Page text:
Hydroclimate of the Americas: Land Surface Effects on the Overlying Atmosphere
An important motivation for the study of land-atmosphere interactions is to improve weather and climate predictability. The land is a source of atmospheric persistence by storing water in the soil where the time scales of variability are much longer than in the atmosphere. We can leverage this persistence for improved predictability of variables like temperature and precipitation. In this talk I will focus on three physical processes through which the land affects the atmosphere: 1) evapotranspiration (latent heat) 2) sensible heat and 3) surface roughness. I will give examples of our studies of regional hydroclimate processes in North America and South America.
Land surface evapotranspiration is an important source of moisture in regions such as the North American Monsoon, the Great Plains of the United States, the Amazon river basin and the La Plata river basin in South America. I will provide an overview of our work quantifying the sources of moisture for these different regions, and the tools that we use in our analyses. Changes in soil moisture – particularly dry soil moisture anomalies - can also affect the overlying atmosphere by changing sensible heat fluxes, surface temperature, and large-scale surface pressure. Over South America this mechanism can modify the path of the South American low-level jet and profoundly impact the location and intensity of precipitation. South America is also a region where the land surface is being dramatically transformed for human consumption. Large regions of Amazon forest and the plains of La Plata basin have been transformed into crops. I will discuss how anthropogenic changes in the land surface can impact the hydroclimate of the continent.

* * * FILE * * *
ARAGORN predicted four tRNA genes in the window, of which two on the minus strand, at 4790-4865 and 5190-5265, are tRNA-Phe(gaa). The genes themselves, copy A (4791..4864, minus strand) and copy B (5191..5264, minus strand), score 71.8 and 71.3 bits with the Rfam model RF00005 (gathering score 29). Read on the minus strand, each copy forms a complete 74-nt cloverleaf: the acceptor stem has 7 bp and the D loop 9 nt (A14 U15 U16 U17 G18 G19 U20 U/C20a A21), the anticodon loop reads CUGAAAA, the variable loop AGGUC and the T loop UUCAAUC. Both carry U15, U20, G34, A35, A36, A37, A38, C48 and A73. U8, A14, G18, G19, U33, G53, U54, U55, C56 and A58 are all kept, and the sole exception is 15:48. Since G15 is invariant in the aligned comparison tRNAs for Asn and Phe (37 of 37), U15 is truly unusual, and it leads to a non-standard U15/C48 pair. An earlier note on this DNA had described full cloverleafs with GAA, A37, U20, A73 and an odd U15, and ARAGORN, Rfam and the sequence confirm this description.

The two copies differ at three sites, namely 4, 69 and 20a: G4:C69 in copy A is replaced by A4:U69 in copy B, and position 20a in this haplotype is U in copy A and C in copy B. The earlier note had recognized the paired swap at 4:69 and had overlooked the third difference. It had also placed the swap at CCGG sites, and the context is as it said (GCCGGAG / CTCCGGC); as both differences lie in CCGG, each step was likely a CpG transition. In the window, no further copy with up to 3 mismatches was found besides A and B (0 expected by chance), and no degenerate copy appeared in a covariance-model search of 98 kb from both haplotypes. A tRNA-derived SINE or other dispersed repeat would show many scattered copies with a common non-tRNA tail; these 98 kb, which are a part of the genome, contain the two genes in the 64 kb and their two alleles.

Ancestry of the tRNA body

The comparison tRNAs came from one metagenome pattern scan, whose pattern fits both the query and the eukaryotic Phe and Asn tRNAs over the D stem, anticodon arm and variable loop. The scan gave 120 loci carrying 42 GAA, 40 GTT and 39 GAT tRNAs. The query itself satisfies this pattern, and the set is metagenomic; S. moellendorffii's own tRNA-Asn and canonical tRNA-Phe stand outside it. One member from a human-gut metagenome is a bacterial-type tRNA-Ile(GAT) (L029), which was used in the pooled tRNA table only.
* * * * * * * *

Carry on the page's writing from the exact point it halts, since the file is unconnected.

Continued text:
Dr. Francina Dominguez is an associate professor in the Department of Atmospheric Sciences at the University of Illinois. As a hydroclimatologist, her work is focused on the interactions between the land and the atmosphere, and more specifically, on changes in hydrology and climate due to human modification of the land surface and greenhouse gas emissions. The two primary lines of research in her group look at land-atmosphere interaction from two perspectives: 1) the effect of climate variability and change, primarily extreme events, on surface hydrology and 2) the effect of changes in surface hydrology on climate.